Water Babies

In the Southwestern United States, there are legends of a woman called La Llarona, who reportedly drowned her children in a desert wash in order to make her lover happy, as he didn't want children. The woman's spirit is said to ramble around the desert, calling out in anguish for her children. In Native American culture there is a ghostly legend of the water babies. 

Some say they were the spirits of babies that were drown by their parents who had no means to feed them and others say they are some sort of spirit that was never part of this realm. They are described often as tricksters and also as angry cannibalistic killers.

LINK (Pocatello Idaho)  The urban legend of this area states that one year a terrible famine overtook the land of the Shoshone Indians. They could not feed themselves, nor could they feed any new mouths. Mothers were forced to drown their newborn babies in the local rivers and lakes.

It is said that the babies changed, they grew tails and fins and gills. They survived the famine by feasting on tadpoles and small fish. Now, these sprites can be seen playing in the canals and rivers around the Shoshone Bannock reservation. Their laughter can be heard as they attempt to lure unsuspecting humans to their death.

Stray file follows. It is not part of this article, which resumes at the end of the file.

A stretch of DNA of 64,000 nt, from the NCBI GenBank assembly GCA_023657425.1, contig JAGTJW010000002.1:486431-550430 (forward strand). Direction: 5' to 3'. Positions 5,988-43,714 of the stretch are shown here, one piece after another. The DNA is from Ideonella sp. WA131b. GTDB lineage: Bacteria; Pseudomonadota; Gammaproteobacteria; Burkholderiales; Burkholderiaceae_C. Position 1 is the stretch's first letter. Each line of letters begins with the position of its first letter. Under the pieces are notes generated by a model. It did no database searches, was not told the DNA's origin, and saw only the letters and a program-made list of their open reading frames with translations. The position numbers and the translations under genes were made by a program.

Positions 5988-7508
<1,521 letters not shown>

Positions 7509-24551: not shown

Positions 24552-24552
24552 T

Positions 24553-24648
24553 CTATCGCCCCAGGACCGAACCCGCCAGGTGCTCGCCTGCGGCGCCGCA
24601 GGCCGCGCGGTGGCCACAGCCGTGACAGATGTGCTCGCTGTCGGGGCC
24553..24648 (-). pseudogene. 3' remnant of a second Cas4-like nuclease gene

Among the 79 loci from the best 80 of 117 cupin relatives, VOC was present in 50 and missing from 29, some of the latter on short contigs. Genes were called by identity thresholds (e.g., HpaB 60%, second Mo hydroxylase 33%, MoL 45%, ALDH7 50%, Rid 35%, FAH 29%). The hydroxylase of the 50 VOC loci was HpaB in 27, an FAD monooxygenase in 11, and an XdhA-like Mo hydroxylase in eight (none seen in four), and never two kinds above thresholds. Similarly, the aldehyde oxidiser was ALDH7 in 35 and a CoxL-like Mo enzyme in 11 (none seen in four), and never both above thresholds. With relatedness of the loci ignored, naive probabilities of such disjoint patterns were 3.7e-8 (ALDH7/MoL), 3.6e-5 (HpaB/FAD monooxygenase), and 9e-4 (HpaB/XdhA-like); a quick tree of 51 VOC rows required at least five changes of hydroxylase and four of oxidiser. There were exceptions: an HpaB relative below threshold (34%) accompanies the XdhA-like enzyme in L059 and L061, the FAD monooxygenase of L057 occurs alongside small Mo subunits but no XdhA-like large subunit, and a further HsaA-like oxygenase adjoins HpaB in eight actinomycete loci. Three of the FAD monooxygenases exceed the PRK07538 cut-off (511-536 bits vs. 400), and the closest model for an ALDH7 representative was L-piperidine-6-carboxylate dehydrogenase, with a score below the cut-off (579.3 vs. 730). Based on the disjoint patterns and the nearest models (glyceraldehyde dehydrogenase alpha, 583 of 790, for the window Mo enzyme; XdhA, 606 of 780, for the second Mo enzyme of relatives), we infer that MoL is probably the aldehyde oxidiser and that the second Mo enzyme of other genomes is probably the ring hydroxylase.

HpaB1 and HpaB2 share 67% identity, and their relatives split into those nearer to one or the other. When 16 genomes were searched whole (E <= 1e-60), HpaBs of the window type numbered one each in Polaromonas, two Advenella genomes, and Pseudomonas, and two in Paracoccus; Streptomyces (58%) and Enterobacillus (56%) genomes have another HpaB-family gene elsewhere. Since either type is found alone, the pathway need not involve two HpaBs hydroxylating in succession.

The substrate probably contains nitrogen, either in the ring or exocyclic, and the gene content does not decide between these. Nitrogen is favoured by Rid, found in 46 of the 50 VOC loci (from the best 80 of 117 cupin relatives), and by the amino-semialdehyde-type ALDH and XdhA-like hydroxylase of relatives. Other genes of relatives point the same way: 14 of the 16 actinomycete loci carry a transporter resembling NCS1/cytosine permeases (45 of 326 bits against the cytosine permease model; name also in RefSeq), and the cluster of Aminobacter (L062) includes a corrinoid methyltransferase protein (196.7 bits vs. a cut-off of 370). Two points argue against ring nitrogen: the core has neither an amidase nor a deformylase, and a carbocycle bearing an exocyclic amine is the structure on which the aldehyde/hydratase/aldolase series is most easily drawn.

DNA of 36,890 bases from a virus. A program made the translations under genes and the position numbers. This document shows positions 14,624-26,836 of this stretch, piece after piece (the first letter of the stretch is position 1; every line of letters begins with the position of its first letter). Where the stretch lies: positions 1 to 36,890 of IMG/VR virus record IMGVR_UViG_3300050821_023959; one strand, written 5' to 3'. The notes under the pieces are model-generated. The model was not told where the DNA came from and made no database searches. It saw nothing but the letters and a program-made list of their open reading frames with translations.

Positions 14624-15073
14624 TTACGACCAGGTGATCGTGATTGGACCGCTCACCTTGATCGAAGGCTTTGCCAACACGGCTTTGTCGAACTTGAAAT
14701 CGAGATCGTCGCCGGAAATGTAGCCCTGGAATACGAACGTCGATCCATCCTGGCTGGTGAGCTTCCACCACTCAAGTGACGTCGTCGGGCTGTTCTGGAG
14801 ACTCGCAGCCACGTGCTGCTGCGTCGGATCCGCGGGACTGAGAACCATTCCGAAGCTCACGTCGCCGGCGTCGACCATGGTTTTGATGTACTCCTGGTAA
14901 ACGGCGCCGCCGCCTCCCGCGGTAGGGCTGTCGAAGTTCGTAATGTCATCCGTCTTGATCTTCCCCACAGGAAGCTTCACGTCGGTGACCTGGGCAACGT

They never forgot the sins of their mothers and will claim the life of any foolish enough to approach the water's edge.

Utah has its own version of water babies - 

LINK:   The Ute Indians told stories of a mysterious race of dwarves who lived in the lake. They referred to them as “Water Babies” because of their clever tactics in luring people to their deaths. They would make sounds very reminiscent of crying babies. Concerned people would take off into the lake in an effort to locate and rescue the endangered babies within, only to be dragged down into the depths by the nefarious Water Babies.

If one managed to escape the clutches of these devilish dwarves, they wouldn’t be in the clear. A huge, predatorial, man-hating monster also calls Utah Lake Home. The first sighting by a European occurred just at the tail end of the Civil War, when a resident reported being chased to the shore by a thirty foot reptile, which then turned around, joined another huge beast, and swam off. Shortly after, a different man claimed to see a huge reptile with the head of a dog patrolling the waters of the lake. In 1870, some fishermen found a large, strange skull with tusks protruding from it in the water. Sightings occurred steadily throughout the late 1800s through the 1920s, when they died down.

One researcher I work with has taken pictures in caves and in cave ice and believes upon occasion he has captured what he refers to as "water babies." 

This one was peeking out from a rock jut where he had laid his shovel against the wall.